data = np.array([['red'], ['blue'], ['green'], ['yellow']])

# create encoder object
encoder = OneHotEncoder(categories=[categories])

# fit and transform data
encoded_data = encoder.fit_transform(data)

# convert sparse matrix to numpy array
encoded_data = encoded_data.toarray()

print(encoded_data)
``````

Output

``````[[1. 0. 0. 0.]
[0. 1. 0. 0.]
[0. 0. 1. 0.]
[0. 0. 0. 1.]]
``````

2.2 Using LabelBinarizer
The `LabelBinarizer` class takes categorical target data and transforms it into a binary representation suitable for classification tasks. It provides methods such as fit, transform, and fit_transform to fit the binarizer to the data and perform the transformation.

``````import sklearn.preprocessing
a = [1,0,3]
label_binarizer = sklearn.preprocessing.LabelBinarizer()
label_binarizer.fit(range(max(a)+1))
b = label_binarizer.transform(a)
print('{0}'.format(b))
``````

Output

``````[[0 1 0 0]
[1 0 0 0]
[0 0 0 1]]
``````

3. Using Pandas
Pandas is another popular library in Python for data manipulation and analysis. Pandas provides a convenient `get_dummies()` function to perform one-hot encoding. Here's an example:

``````import pandas as pd

# create example data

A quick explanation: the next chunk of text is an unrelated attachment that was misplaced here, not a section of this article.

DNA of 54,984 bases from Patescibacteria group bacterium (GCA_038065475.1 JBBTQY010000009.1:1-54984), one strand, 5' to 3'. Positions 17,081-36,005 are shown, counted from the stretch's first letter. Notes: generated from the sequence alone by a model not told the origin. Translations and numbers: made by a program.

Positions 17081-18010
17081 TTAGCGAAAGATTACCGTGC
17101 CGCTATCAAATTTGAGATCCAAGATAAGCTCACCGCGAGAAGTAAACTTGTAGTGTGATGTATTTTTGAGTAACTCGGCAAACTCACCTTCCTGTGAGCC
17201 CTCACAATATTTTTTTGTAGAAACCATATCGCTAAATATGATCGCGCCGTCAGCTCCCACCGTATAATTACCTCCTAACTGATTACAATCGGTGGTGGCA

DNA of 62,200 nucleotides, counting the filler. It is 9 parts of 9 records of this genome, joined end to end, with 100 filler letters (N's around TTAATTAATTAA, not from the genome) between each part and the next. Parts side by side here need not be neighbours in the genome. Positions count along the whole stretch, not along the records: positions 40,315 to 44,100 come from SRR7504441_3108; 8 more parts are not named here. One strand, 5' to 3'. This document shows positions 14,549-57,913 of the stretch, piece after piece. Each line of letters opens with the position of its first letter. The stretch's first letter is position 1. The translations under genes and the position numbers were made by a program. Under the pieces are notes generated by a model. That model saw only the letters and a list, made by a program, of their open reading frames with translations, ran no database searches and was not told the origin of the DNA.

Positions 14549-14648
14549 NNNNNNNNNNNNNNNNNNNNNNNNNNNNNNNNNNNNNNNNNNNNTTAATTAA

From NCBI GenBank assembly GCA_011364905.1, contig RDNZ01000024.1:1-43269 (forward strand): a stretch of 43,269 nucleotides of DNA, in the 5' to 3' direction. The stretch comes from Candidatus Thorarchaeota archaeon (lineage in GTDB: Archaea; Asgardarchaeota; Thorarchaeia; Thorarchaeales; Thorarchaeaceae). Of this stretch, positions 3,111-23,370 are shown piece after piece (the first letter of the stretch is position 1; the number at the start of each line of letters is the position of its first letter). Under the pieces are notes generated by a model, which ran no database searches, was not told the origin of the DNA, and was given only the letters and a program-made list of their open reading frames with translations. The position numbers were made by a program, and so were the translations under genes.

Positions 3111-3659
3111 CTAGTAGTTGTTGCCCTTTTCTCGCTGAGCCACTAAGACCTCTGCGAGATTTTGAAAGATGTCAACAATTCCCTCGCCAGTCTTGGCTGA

data = pd.DataFrame({'color': ['red', 'blue', 'green', 'yellow']})

# perform one-hot encoding
encoded_data = pd.get_dummies(data)

print(encoded_data)
``````

Output

``````   color_blue  color_green  color_red  color_yellow
0           0            0          1             0
1           1            0          0             0
2           0            1          0             0
3           0            0          0             1
``````

4. Using Keras
Keras is a popular high-level neural network API in Python that provides many tools for deep learning. Keras provides a convenient `to_categorical()` function to perform one-hot encoding. Here's an example:

``````from keras.utils import to_categorical

# create example data
data = ['red', 'blue', 'green', 'yellow']

# perform one-hot encoding
encoded_data = to_categorical(data)

print(encoded_data)
``````

Output

``````[[1. 0. 0. 0.]
[0. 1. 0. 0.]
[0. 0. 1. 0.]
[0. 0. 0. 1.]]
``````

5. Using TensorFlow
TensorFlow is another popular deep learning library in Python that provides many tools for machine learning. TensorFlow provides a convenient `one_hot()` function to perform one-hot encoding. Here's an example:

``````import tensorflow as tf

# create example data
categories = ['red', 'blue', 'green', 'yellow']
data = tf.constant(['red', 'blue', 'green', 'yellow'])

# perform one-hot encoding
encoded_data = tf.one_hot(tf.squeeze(tf.cast(tf.argmax(tf.cast(tf.equal(tf.expand_dims(data, 1), categories), tf.int32), axis=1), tf.uint8)), depth=len(categories))

print(encoded_data.numpy())
``````

Output

``````[[1 0 0 0]
[0 1 0 0]
[0 0 1 0]
[0 0 0 1]]
``````

## Use-cases in Machine Learning

Let's consider a few examples to better understand the one-hot encoding technique.

1. One-Hot Encoding for Colors
Suppose we have a dataset of shirts that we want to use to train a machine learning model to predict the color of a shirt. The color attribute has four categories: red, blue, green, and yellow.We can represent these categories using one-hot encoding as follows:

``````
import numpy as np